I am building my first responsive WP site with my own custom WP Theme. The primary templates are part fluid, part fixed. This enabled me to create only 3 "versions", a desktop, tablet and mobile version. All changes happen due to media queries. (Sizes are 768 to 1200 px for desktop, 530 to 767 for tablet, 300 to 529 for mobile.)

The homepage (which has it's own template) will show a slideshow. The slideshow claims to be responsive (I haven't set it up yet) and I am anticipating it working through the tablet sizes. But when I get to the mobile size I just want to have a static photo.

I don't want to just use "display:none" for the slideshow as it will still eat up space/power for the mobiles. I DO want to keep all the versions on the same templates, so I'm thinking I'm going to need some php or javascript to make this happen. (Unless there's some other way, which I'd be thrilled to hear about!)

Can anyone help with the code? I have a slideshow div in the CSS:

#slideshow { 
height: 296px; 
margin: 20px 20px 10px 20px; 
padding: 0;
background-color: #f00;
}/*by not setting a width the sshow box fills the space minus the margins*/

and in the template the slideshow shortcode or template code will go between the open and close slideshow div tags. But I would also want to place a photo there for the mobile version. So I think I would need some kind of "if 529px or more, get slideshow; if less, get photo" right? I'm not a php or javascript programmer, tho I'm great at cutting and pasting!

The site is viewable at -- we are now at the stage of adding page content and the blog needs attention and the sidebars need work, etc. But shell pages are up and content is getting loaded as I write.

Help greatly appreciated!

2 Answers 2


Do not use server side browser sniffing. It will fail:

The question here is how can you reliably detect mobile browsers in order to redirect them? The fact is: you can’t. Most people attempt to do this with browser sniffing—checking the User Agent string that the browser sends to the server with every request. However, these are easily spoofed in browsers, so they can’t be relied upon, and they don’t tell the truth, anyways. “Browser sniffing” has a justifiably bad reputation, so is often renamed “device detection” these days, but it’s the same flawed concept.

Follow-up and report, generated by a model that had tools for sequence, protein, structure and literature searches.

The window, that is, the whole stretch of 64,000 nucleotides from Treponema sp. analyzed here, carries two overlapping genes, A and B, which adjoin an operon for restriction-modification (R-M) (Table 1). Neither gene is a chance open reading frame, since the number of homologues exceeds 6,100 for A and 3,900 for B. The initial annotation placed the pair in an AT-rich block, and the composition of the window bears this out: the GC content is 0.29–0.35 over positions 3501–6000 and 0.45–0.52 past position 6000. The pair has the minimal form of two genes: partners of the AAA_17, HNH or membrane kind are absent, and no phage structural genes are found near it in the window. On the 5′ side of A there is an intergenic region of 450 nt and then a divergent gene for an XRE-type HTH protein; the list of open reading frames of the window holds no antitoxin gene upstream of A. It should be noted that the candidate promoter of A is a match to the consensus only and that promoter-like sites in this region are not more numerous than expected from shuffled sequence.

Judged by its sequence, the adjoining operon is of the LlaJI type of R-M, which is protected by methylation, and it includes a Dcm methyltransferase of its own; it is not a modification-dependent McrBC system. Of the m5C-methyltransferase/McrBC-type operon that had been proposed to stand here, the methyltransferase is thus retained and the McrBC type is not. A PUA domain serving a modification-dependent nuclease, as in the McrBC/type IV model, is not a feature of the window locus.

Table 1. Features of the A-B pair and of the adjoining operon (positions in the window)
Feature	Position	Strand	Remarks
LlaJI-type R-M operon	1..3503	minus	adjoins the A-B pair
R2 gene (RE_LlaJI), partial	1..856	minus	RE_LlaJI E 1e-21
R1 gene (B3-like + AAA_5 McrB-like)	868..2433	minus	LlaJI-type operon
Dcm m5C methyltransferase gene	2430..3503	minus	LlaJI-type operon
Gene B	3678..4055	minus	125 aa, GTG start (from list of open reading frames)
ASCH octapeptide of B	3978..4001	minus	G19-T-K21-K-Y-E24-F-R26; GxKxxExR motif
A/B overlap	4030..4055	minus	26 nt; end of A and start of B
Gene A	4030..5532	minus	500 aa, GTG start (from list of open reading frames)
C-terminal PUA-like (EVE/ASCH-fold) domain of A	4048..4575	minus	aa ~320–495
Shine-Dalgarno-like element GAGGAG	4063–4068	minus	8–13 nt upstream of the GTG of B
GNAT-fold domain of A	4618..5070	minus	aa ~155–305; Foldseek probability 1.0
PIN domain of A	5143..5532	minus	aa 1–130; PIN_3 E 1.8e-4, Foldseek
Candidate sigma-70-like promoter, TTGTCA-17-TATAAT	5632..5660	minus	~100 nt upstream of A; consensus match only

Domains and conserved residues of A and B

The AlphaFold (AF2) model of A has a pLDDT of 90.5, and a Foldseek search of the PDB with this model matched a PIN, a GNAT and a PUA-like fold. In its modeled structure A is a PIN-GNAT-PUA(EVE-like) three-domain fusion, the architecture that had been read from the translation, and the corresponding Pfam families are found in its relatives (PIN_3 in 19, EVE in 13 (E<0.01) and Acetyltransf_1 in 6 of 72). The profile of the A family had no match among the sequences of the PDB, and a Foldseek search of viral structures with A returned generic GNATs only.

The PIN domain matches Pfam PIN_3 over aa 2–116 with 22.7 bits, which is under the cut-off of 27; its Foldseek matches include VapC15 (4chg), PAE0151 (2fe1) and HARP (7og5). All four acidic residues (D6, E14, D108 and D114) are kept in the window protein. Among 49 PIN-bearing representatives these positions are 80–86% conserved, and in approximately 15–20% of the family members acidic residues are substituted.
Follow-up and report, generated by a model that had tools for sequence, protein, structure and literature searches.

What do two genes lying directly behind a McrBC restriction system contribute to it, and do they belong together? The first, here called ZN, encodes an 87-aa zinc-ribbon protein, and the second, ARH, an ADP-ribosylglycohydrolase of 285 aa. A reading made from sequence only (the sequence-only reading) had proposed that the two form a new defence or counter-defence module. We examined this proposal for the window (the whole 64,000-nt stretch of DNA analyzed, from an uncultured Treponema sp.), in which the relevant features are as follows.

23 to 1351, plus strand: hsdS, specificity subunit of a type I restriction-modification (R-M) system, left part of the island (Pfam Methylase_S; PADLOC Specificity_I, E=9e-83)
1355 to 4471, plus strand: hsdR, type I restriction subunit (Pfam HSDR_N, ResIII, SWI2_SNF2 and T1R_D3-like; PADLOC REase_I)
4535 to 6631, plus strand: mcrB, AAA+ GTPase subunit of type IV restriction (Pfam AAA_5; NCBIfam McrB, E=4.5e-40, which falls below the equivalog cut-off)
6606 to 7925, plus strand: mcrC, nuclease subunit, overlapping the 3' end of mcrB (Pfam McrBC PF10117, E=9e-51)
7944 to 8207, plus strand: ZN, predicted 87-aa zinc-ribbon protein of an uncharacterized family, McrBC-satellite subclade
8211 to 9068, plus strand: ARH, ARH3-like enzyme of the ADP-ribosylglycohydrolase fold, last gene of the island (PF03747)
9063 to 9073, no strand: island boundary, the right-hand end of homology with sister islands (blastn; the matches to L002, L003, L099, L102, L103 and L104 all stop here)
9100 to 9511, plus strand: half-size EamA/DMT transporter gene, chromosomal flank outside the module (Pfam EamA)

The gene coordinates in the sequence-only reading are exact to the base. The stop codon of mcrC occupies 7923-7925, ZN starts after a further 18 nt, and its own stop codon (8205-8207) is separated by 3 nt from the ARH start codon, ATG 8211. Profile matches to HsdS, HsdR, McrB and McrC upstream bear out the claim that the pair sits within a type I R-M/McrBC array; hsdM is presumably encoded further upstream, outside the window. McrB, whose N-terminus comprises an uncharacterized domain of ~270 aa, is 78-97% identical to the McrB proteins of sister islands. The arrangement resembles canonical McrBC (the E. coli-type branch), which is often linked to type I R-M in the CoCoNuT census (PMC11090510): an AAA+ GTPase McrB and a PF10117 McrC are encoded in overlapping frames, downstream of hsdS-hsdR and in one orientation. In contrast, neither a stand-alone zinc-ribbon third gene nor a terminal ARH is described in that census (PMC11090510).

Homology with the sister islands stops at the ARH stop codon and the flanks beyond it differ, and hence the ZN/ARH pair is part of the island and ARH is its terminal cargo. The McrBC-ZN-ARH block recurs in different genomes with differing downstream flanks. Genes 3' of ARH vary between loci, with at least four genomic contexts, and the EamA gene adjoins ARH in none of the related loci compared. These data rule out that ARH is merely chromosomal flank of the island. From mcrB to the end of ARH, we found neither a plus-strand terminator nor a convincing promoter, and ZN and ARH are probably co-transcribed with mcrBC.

The $is_iphone variable @kaiser recommends is flawed (sorry, kaiser, hope you don't mind :)).

Let the browser decide instead, use the really available space.
First add a meta element to your document head to make sure the visible width matches the device width:

    <!-- other stuff -->
    <meta name="viewport" content="width=device-width, initial-scale=1.0,target-densitydpi=device-dpi">

Then set a target for your slider content:

<div id="dynamicimgaes">
    <img id="slideshow" src="path/to/default/image" alt="" />

In JavaScript you can use the device width now to decide if you show the slider.

Here is a jQuery example (untested, feel free to edit until it works):

<script type='text/javascript'>
if ( 480 < jQuery( window ).width() )
    jQuery(document).ready( function()
            function( data )
                jQuery( "#slideshow" ).replaceWith( data );
  • Thank You for responding - I will try your script - I may be back. Thanks Kaiser also!
    – PVA
    Commented Apr 27, 2012 at 22:11
  • Nope, I don't mind - even upvoted :)
    – kaiser
    Commented Jul 7, 2013 at 16:42

This answer is only here for historical reasons (and because it's mentioned in @toschos answer). tl;dr Don't rely on what you can read below. And don't use wp_is_mobile().

switch with a core global:

if ( $is_iphone ) 
    // do stuff for mobile
    // do stuff for non-mobile.

basically that´s a simplified version of user agent sniffing.

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